A fairly decent adaptation of a good psychological thriller by Sébastien Japrisot, scripted by the author himself. The trouble with it is, the book's greatest strengths - the richly detailed provincial French setting and the vivid characterisation, resulting from a multiple first-person narrative - prove difficult to translate to the screen, at least within the constraints of a sensible running time. The movie, therefore, somehow manages to feel simultaneously watered-down and overlong. Japrisot attempts to preserve his first-person narrative in voiceover form, but he overuses this device considerably; I've nothing against voiceovers per se, but cinema should primarily be about visual storytelling, and any movie this reliant on narration must be doing something wrong!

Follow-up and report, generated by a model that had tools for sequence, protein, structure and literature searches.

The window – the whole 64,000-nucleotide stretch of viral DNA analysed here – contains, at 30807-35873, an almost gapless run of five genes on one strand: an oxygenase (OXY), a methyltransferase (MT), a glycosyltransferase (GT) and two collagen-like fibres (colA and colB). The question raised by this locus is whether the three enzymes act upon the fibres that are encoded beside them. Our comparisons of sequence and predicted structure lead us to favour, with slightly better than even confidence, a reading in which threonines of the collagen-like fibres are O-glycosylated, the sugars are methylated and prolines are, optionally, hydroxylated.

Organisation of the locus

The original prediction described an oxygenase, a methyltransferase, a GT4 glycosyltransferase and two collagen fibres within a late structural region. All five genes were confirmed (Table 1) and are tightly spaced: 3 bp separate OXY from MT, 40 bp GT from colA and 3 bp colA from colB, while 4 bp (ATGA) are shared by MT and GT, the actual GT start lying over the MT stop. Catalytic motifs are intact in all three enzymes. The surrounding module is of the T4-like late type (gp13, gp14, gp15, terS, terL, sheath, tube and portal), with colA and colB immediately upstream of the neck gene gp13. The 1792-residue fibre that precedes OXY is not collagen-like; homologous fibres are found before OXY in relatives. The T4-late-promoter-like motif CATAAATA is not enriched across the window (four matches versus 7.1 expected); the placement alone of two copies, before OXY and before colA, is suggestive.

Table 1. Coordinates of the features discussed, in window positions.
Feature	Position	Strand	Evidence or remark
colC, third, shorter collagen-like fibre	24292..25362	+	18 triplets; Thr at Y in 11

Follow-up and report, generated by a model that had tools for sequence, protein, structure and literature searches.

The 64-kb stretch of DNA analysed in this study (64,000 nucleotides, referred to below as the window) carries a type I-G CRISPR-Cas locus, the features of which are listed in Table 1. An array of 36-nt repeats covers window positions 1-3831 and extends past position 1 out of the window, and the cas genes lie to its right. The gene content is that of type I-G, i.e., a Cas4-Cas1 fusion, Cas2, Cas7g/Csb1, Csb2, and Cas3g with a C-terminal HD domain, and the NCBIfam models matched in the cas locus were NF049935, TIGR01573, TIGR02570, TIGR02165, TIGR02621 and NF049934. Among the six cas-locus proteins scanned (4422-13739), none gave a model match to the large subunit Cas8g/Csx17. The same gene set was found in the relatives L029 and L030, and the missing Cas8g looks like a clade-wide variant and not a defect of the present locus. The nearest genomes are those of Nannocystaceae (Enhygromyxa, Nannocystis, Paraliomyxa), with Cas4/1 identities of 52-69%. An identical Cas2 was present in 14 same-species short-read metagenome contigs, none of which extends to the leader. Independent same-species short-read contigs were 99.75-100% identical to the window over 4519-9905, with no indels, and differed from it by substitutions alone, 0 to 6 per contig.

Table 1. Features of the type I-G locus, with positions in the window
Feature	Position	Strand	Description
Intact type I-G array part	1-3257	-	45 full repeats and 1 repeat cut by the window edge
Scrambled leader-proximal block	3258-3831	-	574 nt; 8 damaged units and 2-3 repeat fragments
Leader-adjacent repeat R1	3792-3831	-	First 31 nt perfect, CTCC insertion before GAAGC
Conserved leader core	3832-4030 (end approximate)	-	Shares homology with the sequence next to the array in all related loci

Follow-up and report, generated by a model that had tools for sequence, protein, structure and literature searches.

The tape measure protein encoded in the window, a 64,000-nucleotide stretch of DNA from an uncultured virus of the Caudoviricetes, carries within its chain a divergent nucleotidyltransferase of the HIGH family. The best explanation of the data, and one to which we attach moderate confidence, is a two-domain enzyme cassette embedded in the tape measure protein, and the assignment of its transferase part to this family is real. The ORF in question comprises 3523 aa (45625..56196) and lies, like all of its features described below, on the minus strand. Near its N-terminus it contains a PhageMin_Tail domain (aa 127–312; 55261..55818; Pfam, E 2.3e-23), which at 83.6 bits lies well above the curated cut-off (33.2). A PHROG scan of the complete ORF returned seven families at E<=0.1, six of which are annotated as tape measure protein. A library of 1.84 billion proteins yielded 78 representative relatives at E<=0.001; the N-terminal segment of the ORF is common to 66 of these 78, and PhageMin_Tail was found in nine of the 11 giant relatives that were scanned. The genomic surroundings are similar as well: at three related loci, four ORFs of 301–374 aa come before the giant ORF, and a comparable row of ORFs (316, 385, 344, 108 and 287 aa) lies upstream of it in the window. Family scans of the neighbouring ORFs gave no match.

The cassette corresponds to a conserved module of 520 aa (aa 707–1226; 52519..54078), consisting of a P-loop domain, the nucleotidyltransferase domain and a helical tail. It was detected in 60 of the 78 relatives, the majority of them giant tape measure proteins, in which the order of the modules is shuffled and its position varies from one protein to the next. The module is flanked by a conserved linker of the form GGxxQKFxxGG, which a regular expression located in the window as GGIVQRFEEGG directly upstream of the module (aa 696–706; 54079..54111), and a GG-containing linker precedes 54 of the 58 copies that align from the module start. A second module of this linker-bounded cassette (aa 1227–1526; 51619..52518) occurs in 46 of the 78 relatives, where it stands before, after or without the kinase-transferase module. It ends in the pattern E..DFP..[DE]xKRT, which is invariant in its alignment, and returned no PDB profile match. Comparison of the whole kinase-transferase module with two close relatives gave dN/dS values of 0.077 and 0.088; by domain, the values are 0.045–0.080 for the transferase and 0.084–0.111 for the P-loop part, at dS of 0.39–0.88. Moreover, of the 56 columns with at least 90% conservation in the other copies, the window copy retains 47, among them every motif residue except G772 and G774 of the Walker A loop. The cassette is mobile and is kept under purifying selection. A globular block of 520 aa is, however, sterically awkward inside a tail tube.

Switching from coquettish sexiness to childlike vulnerability in the blink of an eye, Isabelle Adjani is marvellous in the lead role, but try to imagine the film without her and it begins to look very ordinary indeed. The rest of the cast are fine, though strictly two-dimensional. Jean Becker's direction is adequate but completely lacking in tension; a first-rate director - say, Claude Chabrol in his prime - would have made more of the psychosexual strangeness of the tale, and would have better disguised the fact that the nicely ironic ending hinges on a pretty indigestible coincidence. My advice: read the book; if you like it, watch this for Adjani.